Archive for June, 2021

I Know Who Holds My Hand

Tuesday, June 29th, 2021

I Know Who Holds My Hand

Pastor Don Carpenter

2021 Bible Reading Challenge / Psalm 37:23–27

Eddie Snipes tells this story:

When my oldest daughter was about 5 years old, we went to spend an afternoon at a river. Some of the adults decided to walk out to an island in the middle of the river. My daughter wanted to come out with me. I returned to shore and took her hand. She stepped into the water but held on tightly to a branch on the shore. She was afraid of the river but wanted to go where I was going. I told her, “You must let go of the branch if you want to come”. She said that she was afraid that she would sink. “I have your hand. You won’t sink and if you start to, I will lift you up”. Fearfully she let go of the branch. I knew the water was just over waist deep and I guided her feet to each rock. When we began, she had no confidence, but she stepped on the rocks I guided her to. With each step she gained more confidence until she was eagerly reaching for each stone and soon we reached the middle. I looked back and realized that this is exactly how God deals with me.

Every once and a while we need to be reminded of truths we already know as believers. Tonight we will read the words of an older saint who is telling us first hand about how God treats His own. As we meditate on these unchanging truths we too can say, I know who holds my hand!

The Lord Leads

Psalm 37:23 KJV

The steps of a good man are ordered by the LORD: And he delighteth in his way.

 • A good man is one who has a relationship with God deep enough to sense and follow His leadership.

John 10:27 KJV

My sheep hear my voice, and I know them, and they follow me:

In this strophe the security of the righteous is emphasized. Verse 23a means that it is the Lord who leads a person in the right way. The psalmist is not saying that, in fact, God guides all people in the way they should go, since it is quite evident that many do not accept God’s guidance. To avoid this possible misunderstanding, frcl translates “When a man’s conduct pleases him, the Lord enables him to go through life with confidence,” and niv has “If the Lord delights in a man’s way, he makes his steps firm.

1 Robert G. Bratcher and William David Reyburn, A Translator’s Handbook on the Book of Psalms, UBS Handbook Series (New York: United Bible Societies, 1991), 357.

 • Steps are ordered

Psalm 85:13 KJV

Righteousness shall go before him; And shall set us in the way of his steps.

Psalm 40:2 KJV

He brought me up also out of an horrible pit, out of the miry clay, And set my feet upon a rock, and established my goings.

The word rendered ordered means to stand erect; to set up; to found; to adjust, fit, direct. The idea here is, that all which pertains to the journey of a good man through life is directed, ordered, fitted, or arranged by the Lord. That is, his course of life is under the Divine guidance and control. The word good has been supplied here by our translators, and there is nothing corresponding to it in the original. It is simply there, “the steps of man are ordered,” etc. Yet there can be no doubt that a good or pious man is particularly referred to, for the connexion demands this interpretation. The word steps here means his course of life; the way in which he goes.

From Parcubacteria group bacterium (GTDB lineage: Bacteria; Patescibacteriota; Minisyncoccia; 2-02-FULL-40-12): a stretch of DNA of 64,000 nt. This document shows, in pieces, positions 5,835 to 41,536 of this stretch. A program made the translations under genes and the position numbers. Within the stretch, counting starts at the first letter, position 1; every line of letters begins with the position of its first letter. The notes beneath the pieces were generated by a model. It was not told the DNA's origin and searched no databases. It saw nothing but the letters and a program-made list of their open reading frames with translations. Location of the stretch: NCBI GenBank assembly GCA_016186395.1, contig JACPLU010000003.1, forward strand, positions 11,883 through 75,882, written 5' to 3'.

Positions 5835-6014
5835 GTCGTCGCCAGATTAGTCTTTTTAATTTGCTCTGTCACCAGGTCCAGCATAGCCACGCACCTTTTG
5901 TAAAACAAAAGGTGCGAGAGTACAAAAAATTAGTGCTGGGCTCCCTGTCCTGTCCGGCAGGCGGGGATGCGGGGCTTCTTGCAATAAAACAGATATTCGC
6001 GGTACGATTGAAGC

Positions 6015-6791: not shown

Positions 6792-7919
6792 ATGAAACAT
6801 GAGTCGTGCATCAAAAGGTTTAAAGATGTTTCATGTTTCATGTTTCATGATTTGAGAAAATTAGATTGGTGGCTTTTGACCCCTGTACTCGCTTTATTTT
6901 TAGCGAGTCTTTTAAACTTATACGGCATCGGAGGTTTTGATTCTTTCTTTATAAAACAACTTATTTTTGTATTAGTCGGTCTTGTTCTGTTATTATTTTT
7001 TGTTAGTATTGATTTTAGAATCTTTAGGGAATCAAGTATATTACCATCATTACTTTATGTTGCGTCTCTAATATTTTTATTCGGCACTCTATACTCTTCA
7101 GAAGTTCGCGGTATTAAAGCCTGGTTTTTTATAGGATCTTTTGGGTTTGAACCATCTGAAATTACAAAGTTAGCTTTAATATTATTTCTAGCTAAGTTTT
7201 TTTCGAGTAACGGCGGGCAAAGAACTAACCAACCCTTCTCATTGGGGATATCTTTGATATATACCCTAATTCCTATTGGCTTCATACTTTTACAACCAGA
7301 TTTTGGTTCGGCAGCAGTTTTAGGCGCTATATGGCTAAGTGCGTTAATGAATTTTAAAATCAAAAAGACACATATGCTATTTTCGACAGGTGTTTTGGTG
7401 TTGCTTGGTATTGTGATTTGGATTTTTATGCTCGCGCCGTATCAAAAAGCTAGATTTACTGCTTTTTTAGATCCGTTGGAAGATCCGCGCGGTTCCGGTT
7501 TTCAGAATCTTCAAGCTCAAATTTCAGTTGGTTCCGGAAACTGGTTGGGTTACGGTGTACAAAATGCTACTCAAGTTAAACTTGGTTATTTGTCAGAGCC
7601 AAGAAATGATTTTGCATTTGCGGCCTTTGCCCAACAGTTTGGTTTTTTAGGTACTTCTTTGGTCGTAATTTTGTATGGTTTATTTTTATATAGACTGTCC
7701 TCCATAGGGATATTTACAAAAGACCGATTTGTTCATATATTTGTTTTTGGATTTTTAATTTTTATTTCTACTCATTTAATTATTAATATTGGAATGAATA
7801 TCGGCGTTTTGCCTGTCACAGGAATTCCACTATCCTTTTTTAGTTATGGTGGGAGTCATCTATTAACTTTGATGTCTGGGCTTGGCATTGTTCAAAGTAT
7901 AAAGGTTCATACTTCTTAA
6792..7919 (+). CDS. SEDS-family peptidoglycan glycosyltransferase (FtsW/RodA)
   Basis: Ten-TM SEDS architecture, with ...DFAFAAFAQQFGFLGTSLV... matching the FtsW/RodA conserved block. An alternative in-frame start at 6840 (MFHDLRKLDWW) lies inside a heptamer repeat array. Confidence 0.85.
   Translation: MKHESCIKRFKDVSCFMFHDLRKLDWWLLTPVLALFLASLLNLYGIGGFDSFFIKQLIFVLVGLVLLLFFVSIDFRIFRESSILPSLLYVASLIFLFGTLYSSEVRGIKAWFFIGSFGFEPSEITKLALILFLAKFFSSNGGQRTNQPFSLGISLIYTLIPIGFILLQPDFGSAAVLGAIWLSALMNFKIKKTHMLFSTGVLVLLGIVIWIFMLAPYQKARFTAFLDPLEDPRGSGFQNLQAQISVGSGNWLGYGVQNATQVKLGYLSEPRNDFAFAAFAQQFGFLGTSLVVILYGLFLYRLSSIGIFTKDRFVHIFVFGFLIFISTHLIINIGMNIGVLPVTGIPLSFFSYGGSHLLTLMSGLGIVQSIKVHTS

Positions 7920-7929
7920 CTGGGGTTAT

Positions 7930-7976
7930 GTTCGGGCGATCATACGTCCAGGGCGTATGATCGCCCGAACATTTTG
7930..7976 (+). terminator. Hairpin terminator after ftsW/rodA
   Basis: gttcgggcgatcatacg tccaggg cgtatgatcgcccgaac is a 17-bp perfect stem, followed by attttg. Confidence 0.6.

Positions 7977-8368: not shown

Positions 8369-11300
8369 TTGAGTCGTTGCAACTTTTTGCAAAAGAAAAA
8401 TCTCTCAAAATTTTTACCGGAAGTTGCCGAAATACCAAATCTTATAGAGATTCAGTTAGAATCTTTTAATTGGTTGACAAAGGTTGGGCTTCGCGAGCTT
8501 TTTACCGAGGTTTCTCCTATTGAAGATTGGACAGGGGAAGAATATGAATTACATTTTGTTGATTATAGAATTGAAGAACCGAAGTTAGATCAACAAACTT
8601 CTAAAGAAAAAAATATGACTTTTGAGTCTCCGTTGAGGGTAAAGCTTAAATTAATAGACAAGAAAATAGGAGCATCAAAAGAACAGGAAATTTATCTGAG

1 Albert Barnes, Notes on the Old Testament: Psalms, vol. 1 (London: Blackie & Son, 1870–1872), 326.

 • God delights in the fact that the good man follows His leading.

Psalm 37:4–5 KJV

Delight thyself also in the LORD; And he shall give thee the desires of thine heart. 

Commit thy way unto the LORD; Trust also in him; and he shall bring it to pass.

The Lord Holds

Psalm 37:24 KJV

Though he fall, he shall not be utterly cast down: For the LORD upholdeth him with his hand.

Micah 7:8 KJV

Rejoice not against me, O mine enemy: When I fall, I shall arise; When I sit in darkness, the LORD shall be a light unto me.

Psalm 34:19 KJV

Many are the afflictions of the righteous: But the LORD delivereth him out of them all.

Though he fall. That is, though he is sometimes disappointed; though he is not always successful; though he may be unfortunate,—yet this will not be final ruin. The word here does not refer to his falling into sin, but into misfortune, disappointment, reverses, calamities. The image is that of a man who is walking along on a journey, but who stumbles, or falls to the earth—a representation of one who is not always successful, but who finds disappointment spring up in his path.

He shall not be utterly cast down. The word here used—?????, tul—means to throw down at full length, to prostrate; then, to cast out, to throw away. Comp. Isa. 22:17; Jer. 16:13; 22:26; Jonah 1:5, 15. Here it means that he would not be utterly and finally prostrated; he would not fall so that he could not rise again. The calamity would be temporary, and there would be ultimate prosperity.

1 Albert Barnes, Notes on the Old Testament: Psalms, vol. 1 (London: Blackie & Son, 1870–1872), 327.

For the Lord upholdeth him with his hand. It is by no power of his own that he is recovered, but it is because, even when he falls, he is held up by an invisible hand. God will not suffer him to sink to utter ruin.

1 Albert Barnes, Notes on the Old Testament: Psalms, vol. 1 (London: Blackie & Son, 1870–1872), 327.

I looked to God with great earnestness day after day, to be directed; asking him to show me the path of duty, and give me grace to ride out the storm.

CHARLES FINNEY

Proverbs 24:16 KJV

For a just man falleth seven times, and riseth up again: But the wicked shall fall into mischief.

The Lord Provides

Psalm 37:25–26 KJV

I have been young, and now am old; Yet have I not seen the righteous forsaken, Nor his seed begging bread. 

He is ever merciful, and lendeth; And his seed is blessed.